A Case of the Flakes
I saw the tiny white crumb-like stuff on the back of the navy blue sweater as he got up after shutting down the computer. White flakes on a dark shirt used to be a common sight a few years ago, before my husband treated his dandruff. But this guy, who was five feet and two inches tall, was not my husband. This was my fourteen-year old son.
“What is that on your sweater, Reggie!” I blurted out as I flicked with my fingers the white flakes under his neck. I parted his thick black hair in different areas to confirm my suspicion. I saw patches of crusty scales. “Did that hurt?” I asked him when I scratched off some of it and more flakes fell on his sweater.
“No,” he simply replied.
“You have some kind of rash on your scalp.” I avoided using the word “dandruff.” Children don’t get dandruff. Only adults do, I thought.
That night, I applied cortisone cream, which we always kept handy, on the scaly patches on his scalp. Reggie always had a quite sensitive skin – from cradle cap when he was still a baby, to rashes behind ears, elbows and the back of the knees. And now, he had flakes on his scalp.
Every night, for about a week, I diligently applied cream to the scaly patches. He sat on the floor above me while I sat on the side of the bed. It was the most convenient position to apply cream on his scalp, as he has grown taller than me. I meticulously combed my fingers through his straight, coarse hair, held the parted hair with my left hand, while I squeezed with my right hand the tube of cream and dab a small amount on every crust, making sure that I didn’t miss a single spot. The task may have been painstaking, but deep inside me, I felt a sense of comfort. I haven’t been this close to my first-born for a long time.
Over the last few years, I had been very busy attending to his two younger and more demanding brothers that I didn’t realize until then how much I missed holding him. Oh! How much I held him when he was still a baby! And he was my baby for four and a half years. Then his brother Ryan was born. “You’re a big boy now, Reggie,” I coaxed him to do some things on his own. Another four years passed and his brother Ryland came. “You’re old enough to take a bath by yourself.” I taught him to be more independent.
Reggie used to be so bubbly, talkative, and inquisitive, like my 6-year old son, Ryland. As he grew older, he has become quieter and reserved. He used to talk about the things that happened in school. Now, when I ask him anything, he just answers “Yes” or “No.” The first and only time he uttered the words “I don’t want to talk about it,” I choked back my emotions.
With little improvement on his scalp after a week, we went to see Dr. Deonarine, our pediatrician.
“Is it dandruff?” I eagerly asked her after a brief physical exam.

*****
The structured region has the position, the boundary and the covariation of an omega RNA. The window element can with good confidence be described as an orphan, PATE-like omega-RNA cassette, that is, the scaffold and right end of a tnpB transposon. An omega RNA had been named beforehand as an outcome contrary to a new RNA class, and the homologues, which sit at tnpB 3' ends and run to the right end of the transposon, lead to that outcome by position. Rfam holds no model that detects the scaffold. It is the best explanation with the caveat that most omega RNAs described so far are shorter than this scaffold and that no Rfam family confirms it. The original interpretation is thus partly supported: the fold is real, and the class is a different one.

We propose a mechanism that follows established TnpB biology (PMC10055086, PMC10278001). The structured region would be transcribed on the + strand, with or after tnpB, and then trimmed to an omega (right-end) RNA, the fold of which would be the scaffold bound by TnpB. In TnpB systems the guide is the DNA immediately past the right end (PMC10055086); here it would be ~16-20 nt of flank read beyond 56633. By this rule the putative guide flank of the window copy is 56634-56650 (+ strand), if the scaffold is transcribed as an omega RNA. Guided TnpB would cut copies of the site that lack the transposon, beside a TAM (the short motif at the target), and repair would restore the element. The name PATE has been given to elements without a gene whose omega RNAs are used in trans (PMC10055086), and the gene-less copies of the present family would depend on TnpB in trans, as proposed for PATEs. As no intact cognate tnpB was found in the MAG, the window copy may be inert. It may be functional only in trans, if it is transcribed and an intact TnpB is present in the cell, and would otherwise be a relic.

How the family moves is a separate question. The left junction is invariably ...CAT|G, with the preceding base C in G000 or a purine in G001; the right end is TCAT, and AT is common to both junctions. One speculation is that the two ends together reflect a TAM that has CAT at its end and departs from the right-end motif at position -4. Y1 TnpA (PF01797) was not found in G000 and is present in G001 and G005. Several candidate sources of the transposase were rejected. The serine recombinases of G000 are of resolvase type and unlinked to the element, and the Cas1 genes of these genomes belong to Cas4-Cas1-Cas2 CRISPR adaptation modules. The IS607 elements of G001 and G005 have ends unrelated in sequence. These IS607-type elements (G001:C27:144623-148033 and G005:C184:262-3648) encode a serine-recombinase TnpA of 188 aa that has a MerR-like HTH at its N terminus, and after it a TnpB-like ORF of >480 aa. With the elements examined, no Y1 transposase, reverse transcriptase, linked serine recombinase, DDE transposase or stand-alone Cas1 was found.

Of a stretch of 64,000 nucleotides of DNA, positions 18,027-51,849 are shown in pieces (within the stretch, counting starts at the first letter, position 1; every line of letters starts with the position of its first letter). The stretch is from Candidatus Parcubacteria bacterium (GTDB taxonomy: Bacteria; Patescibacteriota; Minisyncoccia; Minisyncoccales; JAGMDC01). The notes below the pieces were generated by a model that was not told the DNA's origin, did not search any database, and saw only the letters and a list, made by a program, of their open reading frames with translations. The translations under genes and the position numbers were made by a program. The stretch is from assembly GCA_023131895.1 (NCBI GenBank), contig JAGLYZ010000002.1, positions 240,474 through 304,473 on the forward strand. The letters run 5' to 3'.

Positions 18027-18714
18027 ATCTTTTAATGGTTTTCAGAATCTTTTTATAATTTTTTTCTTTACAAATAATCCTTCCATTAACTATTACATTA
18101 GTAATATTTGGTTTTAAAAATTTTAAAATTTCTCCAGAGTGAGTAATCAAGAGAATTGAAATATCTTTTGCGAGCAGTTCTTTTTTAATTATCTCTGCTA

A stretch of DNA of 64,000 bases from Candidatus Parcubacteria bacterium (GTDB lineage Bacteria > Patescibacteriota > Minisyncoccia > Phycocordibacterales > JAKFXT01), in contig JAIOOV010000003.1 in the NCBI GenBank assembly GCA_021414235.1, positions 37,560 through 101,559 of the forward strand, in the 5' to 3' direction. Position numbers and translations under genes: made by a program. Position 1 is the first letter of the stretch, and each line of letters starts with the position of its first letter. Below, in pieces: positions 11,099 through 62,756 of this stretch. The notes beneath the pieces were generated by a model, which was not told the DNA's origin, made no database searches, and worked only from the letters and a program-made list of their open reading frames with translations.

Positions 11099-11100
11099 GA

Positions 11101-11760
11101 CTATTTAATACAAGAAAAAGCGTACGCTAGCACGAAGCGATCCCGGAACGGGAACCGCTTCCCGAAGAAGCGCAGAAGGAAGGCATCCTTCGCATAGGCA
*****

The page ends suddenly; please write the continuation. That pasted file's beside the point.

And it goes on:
“It’s seborrhea,” she said looking at me.
“How did he get it?” I anxiously asked her.
“Did he recently change the shampoo that he is using?” She threw a question back at me.
I shook my head.
“It could just be his changing body. He’s a teen-ager now. His skin gets oily and that causes seborrhea,” she explained.
She then turned to Reggie and asked him, “Do you use products on your hair?”
I saw the puzzled look on his face.
“Mousse? Hair gel?” she continued.
His face lit up and replied embarrassedly, “Oh, yeah.”
She told me to buy Nizoral shampoo and instructed Reggie how to wash his hair properly. He was to use Nizoral twice a week for a month and after that at least once a week to prevent reoccurrence. He was to lather the shampoo and dig his fingers deep down his thick hair to wash away the hair products from his scalp. She also prescribed Elocom lotion, which I could apply to Reggie’s scalp at night, as long as needed, instead of the messy cream.
The next day, I went to the store, headed to a frequented aisle, and grabbed the familiar white and blue box with the small pink circle in the centre. I perused the label as if I was reading it for the first time: “Nizoral 2% Ketoconazole Anti-Dandruff Shampoo. Kills the Fungus That Can Cause Dandruff and Seborrhea.” Holding the box of shampoo in that aisle snapped me out of my state of denial. My son was no longer a child, and he had dandruff. I guess I already knew that when his voice suddenly cracked and began to sound deep on the week of his 13th birthday. Yes, my dear boy was slowly turning into a young man.
Reggie started using Nizoral and we switched to Elocom lotion. I looked forward to applying the lotion on his scalp every night and striking up short conversations with him. Him – my teen-ager who barely talked to me anymore. He had become so independent and yet there he was relying on me to apply cream on his dry scalp. It may be an unglamorous way of bonding with him, but I’d take it. After a few weeks of treatment, the seborrhea was gone.
Once in a while, I would run my fingers through his hair and check if the seborrhea had come back. It hasn’t ever since. I talk to my boys regularly. I always have. And although I get more responses from his brothers, Reggie has begun to open up more than he did before.
This post was originally written in July 2004.
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